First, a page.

Rusk County Court, Madison WI Attorney Chris Van Wagner, Univeristy of Wis School of Law Graduate, Cherie Barnard, and a 28 year old murder reported by Doug Moe, The Capital Times:
All charges against Cherie Barnard were dismissed and a 28-yeard old murder case closed.
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Doug Moe: 28 years later, murder case closed
ONE OF the most bizarre criminal cases in Wisconsin history ended with a bit of a whimper Monday, when a Rusk County judge agreed with a prosecutor's motion to drop perjury and conspiracy to commit murder charges against a UW-Madison Law School graduate named Cherie Lee Barnard.
The charges involved the murder of Robert Pfeil, 27, of rural Ladysmith, who was fatally shot in the back of the head on his farm in August 1979.
There were all kinds of Madison connections to the case beyond Barnard. Her one-time husband, Bob Rogers, who was at the very center of the case, was a former assistant district attorney in Dane County. The judge at Barnard's preliminary hearing in October 2005, Frederick A. Henderson, is a former Stoughton High School basketball player. And Barnard's attorney, who was a happy man Monday, is Madison criminal defense specialist Chris Van Wagner.
I even began to feel like a part of the case myself, ever since I wrote a lengthy 1988 magazine article that detailed the strange twists and turns of a crime that involved what a Wisconsin Justice Department investigator told me was "the most patently bizarre, absolutely incredible set of circumstances you'd ever want to see."
Decades later I continued to get a couple of phone calls a year about the case - someone with a dubious tip, or maybe a defense attorney looking for my old article because he had a client going in front of a new grand jury. Say this for the Rusk County cops and prosecutors - they never gave up.
It all started for me sometime in 1987 when a Racine man named Robert Pfeil Sr. called Madison Magazine and asked if I would see him.
"What's it about?"
"The murder of my son."
Hard to say no to that one. Mr. Pfeil came to Madison, and we talked a long time. Rather, he talked, and I listened. The gist of the story was this:
Rob Pfeil was a 27-year-old student at Mount Senario College in Ladysmith when he clashed with Bob Rogers, the young and newly elected district attorney of Rusk County. Rogers had come to Ladysmith in 1978 from Madison, where as a prosecutor he had run into trouble for trying to misdirect a case involving one of his brothers. Rogers brought his Madison girlfriend, Cherie Barnard, with him to Ladysmith, which was Rogers' hometown.
Rogers' dispute with Pfeil grew over a few months, culminating in an incident in which authorities shot a couple of Pfeil's dogs when he was out of town. Pfeil blamed Rogers and threatened him in front of witnesses. Not long after, Pfeil was found murdered. Rogers was a suspect. Department of Justice investigators interviewed him at length but never quite made a case. Sometime in 1980, Rogers and Barnard left Wisconsin for California.
At which point things got strange. First, in May 1981, Justice Department agents went to the home of a potential witness in the case, a woman named Betty Zajec. She had been telling people she'd witnessed the Pfeil murder. At the door, her husband told the agents, "She does have a story to tell, but she is dearly afraid of telling it." While they were talking, Zajec shot herself to death with a revolver.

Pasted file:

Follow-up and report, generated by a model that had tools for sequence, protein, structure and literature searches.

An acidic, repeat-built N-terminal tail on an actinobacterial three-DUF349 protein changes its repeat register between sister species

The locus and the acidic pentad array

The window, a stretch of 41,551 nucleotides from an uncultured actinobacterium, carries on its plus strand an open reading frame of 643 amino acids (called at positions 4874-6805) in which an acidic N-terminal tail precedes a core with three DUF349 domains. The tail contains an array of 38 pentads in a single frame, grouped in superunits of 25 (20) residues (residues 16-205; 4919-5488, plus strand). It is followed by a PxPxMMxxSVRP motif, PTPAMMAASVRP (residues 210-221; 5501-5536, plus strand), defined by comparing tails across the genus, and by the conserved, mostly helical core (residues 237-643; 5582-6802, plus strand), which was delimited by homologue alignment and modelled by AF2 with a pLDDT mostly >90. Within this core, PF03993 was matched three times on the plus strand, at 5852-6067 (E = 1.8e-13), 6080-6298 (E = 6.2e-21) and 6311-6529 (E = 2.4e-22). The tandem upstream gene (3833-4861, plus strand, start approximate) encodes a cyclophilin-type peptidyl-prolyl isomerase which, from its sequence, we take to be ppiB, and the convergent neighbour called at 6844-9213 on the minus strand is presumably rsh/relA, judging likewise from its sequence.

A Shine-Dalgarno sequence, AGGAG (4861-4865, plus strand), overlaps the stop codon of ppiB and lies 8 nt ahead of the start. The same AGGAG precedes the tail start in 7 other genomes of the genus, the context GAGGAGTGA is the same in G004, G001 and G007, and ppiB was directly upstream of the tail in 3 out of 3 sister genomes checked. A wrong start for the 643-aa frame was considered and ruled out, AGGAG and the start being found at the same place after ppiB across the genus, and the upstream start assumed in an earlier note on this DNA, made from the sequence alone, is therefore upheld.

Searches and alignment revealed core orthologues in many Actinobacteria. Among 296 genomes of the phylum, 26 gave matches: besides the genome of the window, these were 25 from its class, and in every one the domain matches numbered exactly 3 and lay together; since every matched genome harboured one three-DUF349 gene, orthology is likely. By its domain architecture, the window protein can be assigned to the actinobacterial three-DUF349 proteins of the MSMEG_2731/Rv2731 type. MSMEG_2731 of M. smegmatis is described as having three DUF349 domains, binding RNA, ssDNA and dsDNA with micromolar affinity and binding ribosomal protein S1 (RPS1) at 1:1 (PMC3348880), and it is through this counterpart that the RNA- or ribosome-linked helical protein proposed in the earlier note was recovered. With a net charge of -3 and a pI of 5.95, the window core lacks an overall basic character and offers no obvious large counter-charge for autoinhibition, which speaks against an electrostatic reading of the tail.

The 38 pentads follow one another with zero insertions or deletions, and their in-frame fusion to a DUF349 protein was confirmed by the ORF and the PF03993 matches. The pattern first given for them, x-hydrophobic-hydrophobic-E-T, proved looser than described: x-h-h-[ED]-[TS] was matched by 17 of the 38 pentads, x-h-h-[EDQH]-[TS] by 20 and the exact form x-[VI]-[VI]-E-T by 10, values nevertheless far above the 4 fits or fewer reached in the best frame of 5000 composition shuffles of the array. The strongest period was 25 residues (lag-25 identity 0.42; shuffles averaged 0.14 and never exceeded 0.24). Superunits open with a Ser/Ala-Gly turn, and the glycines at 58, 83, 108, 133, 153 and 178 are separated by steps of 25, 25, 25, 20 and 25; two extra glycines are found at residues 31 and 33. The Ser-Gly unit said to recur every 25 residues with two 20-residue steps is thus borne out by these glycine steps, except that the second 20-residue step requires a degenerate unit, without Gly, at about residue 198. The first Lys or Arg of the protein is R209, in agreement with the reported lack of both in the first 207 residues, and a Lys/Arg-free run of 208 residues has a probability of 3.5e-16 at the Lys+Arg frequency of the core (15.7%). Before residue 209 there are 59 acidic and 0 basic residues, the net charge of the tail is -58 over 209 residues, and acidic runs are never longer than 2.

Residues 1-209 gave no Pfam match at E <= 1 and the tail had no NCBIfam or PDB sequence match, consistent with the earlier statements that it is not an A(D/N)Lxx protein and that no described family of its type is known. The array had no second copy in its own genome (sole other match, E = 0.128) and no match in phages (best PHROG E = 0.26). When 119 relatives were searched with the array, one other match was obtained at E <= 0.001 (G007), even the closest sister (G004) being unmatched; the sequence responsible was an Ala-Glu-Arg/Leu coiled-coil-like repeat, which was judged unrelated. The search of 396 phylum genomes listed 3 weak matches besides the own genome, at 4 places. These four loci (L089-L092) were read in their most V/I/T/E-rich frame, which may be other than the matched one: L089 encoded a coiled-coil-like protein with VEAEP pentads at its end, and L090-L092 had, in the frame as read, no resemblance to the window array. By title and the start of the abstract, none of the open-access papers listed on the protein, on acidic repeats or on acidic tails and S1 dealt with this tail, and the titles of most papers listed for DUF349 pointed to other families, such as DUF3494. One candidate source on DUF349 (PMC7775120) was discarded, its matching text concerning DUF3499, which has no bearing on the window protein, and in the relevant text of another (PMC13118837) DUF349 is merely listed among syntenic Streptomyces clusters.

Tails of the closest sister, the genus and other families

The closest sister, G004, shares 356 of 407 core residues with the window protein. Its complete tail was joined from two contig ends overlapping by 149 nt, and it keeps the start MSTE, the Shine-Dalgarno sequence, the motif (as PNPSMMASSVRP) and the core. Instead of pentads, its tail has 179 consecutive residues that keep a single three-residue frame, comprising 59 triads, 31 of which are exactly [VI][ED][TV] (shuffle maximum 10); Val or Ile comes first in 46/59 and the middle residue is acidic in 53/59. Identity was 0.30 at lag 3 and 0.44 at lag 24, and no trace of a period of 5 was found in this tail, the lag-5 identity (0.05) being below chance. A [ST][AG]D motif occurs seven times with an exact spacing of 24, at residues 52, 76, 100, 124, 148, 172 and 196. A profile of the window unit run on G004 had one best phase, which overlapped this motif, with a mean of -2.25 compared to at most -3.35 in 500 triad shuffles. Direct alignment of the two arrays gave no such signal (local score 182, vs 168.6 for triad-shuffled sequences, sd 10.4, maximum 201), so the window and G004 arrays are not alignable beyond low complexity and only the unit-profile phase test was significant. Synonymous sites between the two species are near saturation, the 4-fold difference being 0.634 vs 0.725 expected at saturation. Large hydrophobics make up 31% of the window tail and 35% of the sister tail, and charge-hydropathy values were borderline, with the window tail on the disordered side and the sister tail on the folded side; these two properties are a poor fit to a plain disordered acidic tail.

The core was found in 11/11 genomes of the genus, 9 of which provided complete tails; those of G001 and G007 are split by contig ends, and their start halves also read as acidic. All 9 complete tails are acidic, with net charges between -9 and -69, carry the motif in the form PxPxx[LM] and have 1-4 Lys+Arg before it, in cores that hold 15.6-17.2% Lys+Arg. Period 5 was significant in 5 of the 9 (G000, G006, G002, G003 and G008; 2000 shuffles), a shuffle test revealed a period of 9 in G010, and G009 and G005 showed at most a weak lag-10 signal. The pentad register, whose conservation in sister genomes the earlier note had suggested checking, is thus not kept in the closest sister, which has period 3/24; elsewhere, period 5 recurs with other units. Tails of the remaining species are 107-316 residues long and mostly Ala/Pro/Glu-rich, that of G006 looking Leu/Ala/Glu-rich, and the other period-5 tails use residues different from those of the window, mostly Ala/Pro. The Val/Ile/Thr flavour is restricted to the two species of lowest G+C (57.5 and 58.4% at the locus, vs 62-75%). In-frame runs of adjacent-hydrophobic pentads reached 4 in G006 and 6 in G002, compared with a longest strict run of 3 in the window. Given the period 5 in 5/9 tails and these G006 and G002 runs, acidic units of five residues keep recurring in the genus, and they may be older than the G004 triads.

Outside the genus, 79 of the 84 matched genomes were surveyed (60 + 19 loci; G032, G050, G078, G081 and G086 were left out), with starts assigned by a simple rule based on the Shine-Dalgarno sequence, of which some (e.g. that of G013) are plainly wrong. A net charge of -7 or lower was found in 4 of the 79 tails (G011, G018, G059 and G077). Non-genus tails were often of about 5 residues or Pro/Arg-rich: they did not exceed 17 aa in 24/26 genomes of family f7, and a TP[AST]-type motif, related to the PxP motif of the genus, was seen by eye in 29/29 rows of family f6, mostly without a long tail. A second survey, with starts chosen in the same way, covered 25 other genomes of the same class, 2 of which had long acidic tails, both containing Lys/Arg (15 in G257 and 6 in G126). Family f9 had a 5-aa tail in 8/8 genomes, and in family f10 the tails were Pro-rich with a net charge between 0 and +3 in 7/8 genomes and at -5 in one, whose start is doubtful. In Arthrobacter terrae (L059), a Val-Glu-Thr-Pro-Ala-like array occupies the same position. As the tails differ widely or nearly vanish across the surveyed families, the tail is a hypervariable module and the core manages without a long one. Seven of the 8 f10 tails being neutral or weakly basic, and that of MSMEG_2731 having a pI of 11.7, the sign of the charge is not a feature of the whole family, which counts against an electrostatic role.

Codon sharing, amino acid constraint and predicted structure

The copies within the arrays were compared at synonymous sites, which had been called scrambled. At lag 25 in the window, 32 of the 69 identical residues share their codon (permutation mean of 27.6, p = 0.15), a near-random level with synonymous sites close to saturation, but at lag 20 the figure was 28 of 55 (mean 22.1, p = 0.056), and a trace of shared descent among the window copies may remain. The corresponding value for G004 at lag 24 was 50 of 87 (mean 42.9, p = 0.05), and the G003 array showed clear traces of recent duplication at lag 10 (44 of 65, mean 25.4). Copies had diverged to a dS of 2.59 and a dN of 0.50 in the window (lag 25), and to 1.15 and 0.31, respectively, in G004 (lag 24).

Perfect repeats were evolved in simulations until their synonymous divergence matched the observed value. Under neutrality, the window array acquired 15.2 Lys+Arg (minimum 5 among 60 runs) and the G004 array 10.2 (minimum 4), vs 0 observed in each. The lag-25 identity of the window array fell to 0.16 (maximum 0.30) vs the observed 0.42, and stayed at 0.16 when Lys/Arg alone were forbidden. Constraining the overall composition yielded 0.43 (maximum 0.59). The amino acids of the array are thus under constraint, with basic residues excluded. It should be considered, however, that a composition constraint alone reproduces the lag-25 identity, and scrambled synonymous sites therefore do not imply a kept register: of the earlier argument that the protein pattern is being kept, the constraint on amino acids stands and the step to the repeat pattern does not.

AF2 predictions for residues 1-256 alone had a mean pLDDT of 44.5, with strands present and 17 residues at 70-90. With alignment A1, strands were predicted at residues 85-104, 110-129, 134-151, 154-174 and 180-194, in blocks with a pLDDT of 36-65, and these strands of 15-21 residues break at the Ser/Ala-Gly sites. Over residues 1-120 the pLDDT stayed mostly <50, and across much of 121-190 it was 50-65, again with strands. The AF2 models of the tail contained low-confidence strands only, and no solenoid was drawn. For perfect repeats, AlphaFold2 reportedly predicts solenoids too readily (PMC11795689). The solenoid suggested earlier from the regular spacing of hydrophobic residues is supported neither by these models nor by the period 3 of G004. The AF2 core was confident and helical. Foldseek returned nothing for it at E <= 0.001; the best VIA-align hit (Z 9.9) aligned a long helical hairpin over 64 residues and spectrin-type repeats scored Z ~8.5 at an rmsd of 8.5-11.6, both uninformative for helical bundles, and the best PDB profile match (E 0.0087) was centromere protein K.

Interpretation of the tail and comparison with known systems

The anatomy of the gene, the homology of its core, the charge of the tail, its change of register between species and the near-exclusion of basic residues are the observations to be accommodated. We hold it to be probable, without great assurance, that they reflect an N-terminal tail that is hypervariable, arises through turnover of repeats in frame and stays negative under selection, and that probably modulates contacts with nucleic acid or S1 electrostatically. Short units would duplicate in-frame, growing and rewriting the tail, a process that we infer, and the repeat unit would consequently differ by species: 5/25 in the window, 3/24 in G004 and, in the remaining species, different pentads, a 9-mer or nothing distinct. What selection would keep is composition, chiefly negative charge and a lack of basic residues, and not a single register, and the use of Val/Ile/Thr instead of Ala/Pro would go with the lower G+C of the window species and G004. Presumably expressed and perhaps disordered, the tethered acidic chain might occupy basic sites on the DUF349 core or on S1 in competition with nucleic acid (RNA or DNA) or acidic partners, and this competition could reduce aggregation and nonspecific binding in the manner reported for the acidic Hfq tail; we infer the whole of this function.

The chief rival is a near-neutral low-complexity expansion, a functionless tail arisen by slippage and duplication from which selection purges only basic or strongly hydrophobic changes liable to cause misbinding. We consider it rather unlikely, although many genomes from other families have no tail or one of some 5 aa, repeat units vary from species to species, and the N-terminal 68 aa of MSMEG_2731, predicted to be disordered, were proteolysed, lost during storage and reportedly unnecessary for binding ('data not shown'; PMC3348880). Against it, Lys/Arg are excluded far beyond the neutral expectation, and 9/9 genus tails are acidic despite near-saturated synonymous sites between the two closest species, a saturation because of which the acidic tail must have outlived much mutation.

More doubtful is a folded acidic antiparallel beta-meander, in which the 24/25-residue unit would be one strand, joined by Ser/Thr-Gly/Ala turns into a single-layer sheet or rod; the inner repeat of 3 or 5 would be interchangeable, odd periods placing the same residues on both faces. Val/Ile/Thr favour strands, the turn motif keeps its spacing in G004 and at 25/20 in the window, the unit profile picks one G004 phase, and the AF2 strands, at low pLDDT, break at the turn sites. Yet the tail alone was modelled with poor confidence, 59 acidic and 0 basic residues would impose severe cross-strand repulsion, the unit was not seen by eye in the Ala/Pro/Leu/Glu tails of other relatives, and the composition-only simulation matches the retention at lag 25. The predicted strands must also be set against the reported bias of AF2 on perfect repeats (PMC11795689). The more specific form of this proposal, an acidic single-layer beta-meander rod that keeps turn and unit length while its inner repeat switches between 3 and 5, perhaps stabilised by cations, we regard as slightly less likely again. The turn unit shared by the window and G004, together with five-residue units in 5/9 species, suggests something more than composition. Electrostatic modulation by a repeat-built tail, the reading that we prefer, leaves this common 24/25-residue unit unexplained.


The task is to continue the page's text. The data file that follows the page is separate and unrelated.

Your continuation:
Meanwhile, in California, Rogers and Barnard had married, but the marriage was in trouble. Barnard became involved with a health club owner named Gary Grady. In October 1984, Bob Rogers shot and killed Gary Grady, then turned the gun on himself.
With the prime suspect dead, the Pfeil case back in Wisconsin might have withered, but for the persistence of Robert Pfeil Sr. The elder Pfeil felt Rogers did not act alone in Rob's death, and he did what he could to keep the investigation active.
Still, two decades came and went. Grand juries convened but disbanded without indictments. Then, in April 2005, a stunning development: Two of Bob Rogers' brothers, Harold "John" Rogers and Dale Rogers, were charged with the murder of Robert Pfeil Jr. A fourth brother, Michael Rogers, had talked to police in return for not being charged himself. Bob Rogers had enlisted his brothers to kill Rob Pfeil. It was John Rogers who pulled the trigger.
Six months later, in October 2005, Cherie Barnard, who had a new life for herself as an attorney in California, was taken in handcuffs from her home in San Mateo and charged with lying to a grand jury and being party to the murder of Rob Pfeil. Barnard denied it.
In March 2006, John Rogers pleaded no contest to first-degree murder and was sentenced to life in prison. Two months later, Dale Rogers pleaded guilty to solicitation to commit second-degree murder and was sentenced to time served.
That left Cherie Barnard. Her trial was scheduled to start next week, but Rusk County District Attorney Kathleen Pakes had a problem. Her star witness against Barnard - the trigger man, John Rogers - recently decided to appeal his own case and was claiming Fifth Amendment protection against testifying at the Barnard trial. On Monday of this week, Pakes moved to drop all charges against Barnard and the judge agreed.
After 28 years, the Pfeil case is over.
Van Wagner, Barnard's attorney, said Tuesday his client is "elated and relieved" at the sudden turn of events.
I think back two decades, and remember the elderly man who came into the office of my magazine talking about getting justice for his son. Did he? I would have bet against it, but I think we ended up with something pretty close to justice in the Pfeil case. I remember too the epigram I used for my 1988 magazine article. It was from Oscar Wilde:
The pure and simple truth is rarely pure and never simple.
Heard something Moe should know? Call, write P.O. Box 8060, Madison, WI 53708, or e-mail .